Red Sox want to see more from Rodriguez

Since returning from disabled list, lefty has a 5.47 ERA

Red Sox want to see more from Rodriguez

NEW YORK -- The breakthrough season Eduardo Rodriguez appeared to be headed toward in April and May has hit a considerable pothole that creates the question of how the talented left-hander will be used in a potential postseason series.

In Thursday night's 6-2 loss to the Yankees, Rodriguez showed the type of inconsistency that has become a habit since he returned from the disabled list on July 17.

Through the first five innings, Rodriguez (4-5, 4.40 ERA) had managed the game well enough and his team was down 2-1 going into the bottom of the sixth.

In a two-batter sequence to start the inning, Rodriguez's night went south in a hurry. No. 7 hitter Chase Headley hammered a double. Then Greg Bird smashed a two-run homer to right on a fastball smack in the middle of the plate.

"I just thought he got into the sixth inning and his pitches started finding the center of the plate," said Red Sox pitching coach Carl Willis. "Prior to that, he'd gotten into a couple of situations and was able to get out of them. With Bird, he was trying to go away. But again, basically a fastball middle-middle, that's what big league hitters do."

Even with the defeat, the Red Sox still hold a 4 1/2-game edge in the American League East with 28 games to go. At some point, manager John Farrell will probably have to start plotting plans for a postseason rotation. For Rodriguez to be part of that, he'll need to become dependable again.

Chris Sale, Drew Pomeranz and Rick Porcello would be locks to be in the rotation in October. Things remain uncertain with David Price, who is just starting to throw off the mound again as he recovers from his second left elbow injury of the season. Doug Fister and Rodriguez would be vying for that fourth spot if Price doesn't have enough time to stretch back out as a starter.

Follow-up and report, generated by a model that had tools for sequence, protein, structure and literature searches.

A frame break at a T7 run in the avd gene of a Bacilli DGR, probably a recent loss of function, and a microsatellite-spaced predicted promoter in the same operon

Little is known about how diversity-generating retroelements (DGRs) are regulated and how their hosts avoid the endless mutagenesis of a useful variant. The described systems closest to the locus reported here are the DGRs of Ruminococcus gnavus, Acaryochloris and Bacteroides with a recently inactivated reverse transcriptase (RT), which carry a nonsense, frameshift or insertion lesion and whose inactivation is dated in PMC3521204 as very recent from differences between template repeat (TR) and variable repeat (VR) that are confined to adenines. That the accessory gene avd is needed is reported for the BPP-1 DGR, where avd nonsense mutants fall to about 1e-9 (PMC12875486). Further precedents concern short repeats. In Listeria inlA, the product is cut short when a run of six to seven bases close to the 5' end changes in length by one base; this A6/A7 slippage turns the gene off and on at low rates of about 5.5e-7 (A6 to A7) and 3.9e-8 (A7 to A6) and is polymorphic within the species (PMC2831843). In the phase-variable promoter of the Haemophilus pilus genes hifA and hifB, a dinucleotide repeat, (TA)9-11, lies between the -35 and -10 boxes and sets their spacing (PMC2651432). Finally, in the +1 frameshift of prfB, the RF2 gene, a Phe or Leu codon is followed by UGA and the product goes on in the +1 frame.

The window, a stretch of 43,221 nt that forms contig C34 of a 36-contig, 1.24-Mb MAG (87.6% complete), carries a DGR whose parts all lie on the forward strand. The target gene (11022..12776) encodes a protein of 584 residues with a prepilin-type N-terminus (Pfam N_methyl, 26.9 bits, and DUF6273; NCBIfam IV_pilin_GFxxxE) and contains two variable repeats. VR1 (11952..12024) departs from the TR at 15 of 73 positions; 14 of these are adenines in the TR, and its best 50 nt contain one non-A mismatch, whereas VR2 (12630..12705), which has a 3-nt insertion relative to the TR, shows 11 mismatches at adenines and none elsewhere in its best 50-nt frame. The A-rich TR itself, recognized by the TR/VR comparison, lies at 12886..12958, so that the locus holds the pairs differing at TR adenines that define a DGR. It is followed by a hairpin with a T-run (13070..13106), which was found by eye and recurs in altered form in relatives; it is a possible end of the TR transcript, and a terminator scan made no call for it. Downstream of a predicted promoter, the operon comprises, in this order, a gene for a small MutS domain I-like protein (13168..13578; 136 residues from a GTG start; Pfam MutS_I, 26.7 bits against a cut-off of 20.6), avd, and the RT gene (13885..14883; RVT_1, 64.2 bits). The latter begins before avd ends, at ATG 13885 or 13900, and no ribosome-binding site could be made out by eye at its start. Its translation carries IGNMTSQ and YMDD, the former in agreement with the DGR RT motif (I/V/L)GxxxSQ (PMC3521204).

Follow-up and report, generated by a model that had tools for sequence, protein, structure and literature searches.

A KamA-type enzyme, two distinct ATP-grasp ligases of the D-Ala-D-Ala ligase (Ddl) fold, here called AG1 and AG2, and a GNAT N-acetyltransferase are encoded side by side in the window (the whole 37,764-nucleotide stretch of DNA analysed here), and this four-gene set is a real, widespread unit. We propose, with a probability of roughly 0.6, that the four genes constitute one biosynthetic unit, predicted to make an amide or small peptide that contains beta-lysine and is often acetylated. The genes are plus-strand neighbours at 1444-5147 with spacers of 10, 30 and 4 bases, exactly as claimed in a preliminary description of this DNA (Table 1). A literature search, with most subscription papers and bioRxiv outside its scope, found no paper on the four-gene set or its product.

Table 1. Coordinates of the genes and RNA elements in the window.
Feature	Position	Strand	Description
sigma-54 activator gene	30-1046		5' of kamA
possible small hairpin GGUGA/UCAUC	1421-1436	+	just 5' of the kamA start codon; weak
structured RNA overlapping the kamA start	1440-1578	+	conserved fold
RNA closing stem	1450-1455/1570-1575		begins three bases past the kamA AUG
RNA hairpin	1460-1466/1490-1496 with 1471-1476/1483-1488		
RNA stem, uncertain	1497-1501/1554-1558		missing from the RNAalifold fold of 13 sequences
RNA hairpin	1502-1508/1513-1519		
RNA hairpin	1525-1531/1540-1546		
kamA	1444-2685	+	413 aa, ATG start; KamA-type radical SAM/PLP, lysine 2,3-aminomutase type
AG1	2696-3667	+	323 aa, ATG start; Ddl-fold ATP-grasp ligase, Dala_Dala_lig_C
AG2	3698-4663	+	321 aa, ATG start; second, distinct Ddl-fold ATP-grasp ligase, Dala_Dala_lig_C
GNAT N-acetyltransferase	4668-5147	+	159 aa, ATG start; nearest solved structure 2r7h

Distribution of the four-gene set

Of late, Fister has been the more dependable pitcher of the two. It will be on Rodriguez to reverse that trend.

"You try every start to do better, that's all I'm thinking," said Rodriguez after giving up 10 hits and five runs over five-plus innings. "I'm not thinking about any game in the past, I'm thinking every time I get the ball, just get on the mound and try to put the team in position to win the game."

Putting the Red Sox in position to win was exactly what Rodriguez did before injuring his right knee in a slip in the bullpen at Camden Yards on June 1.

In his first 10 starts of the season (plus one relief outing), Rodriguez was 4-2 with a 3.54 ERA. In the nine starts since he returned, he is 0-3 with a 5.47 ERA.

When Rodriguez had a knee injury in 2016, he later admitted he was favoring it and thinking about it too much when he returned to action.

He is adamant that isn't the case this time, which makes his struggles all the more mysterious.

"It's not an issue," said Rodriguez of his knee. "I'm just missing pitches on the plate and it's something I'm working on."

The Red Sox don't think he's that far off if he can fine-tune his concentration and execution.

"He continues to work but he's still got a lot of work to do to be more consistent," said Willis. "He has to carry that game plan out, particularly tonight when you go out in the sixth, and you're in the bottom part of the order. It's a big inning to shut them down.

"He can still get there. He's overcome a lot of adversity with his knee, and back when he was younger and tipping his pitches. He's overcome things already and he has things ahead of him as any pitcher does. Regardless of how long you play, you have to continue to make adjustments."

Ian Browne is a reporter for MLB.com. Read his blog, Brownie Points, and follow him on Twitter @IanMBrowne. This story was not subject to the approval of Major League Baseball or its clubs.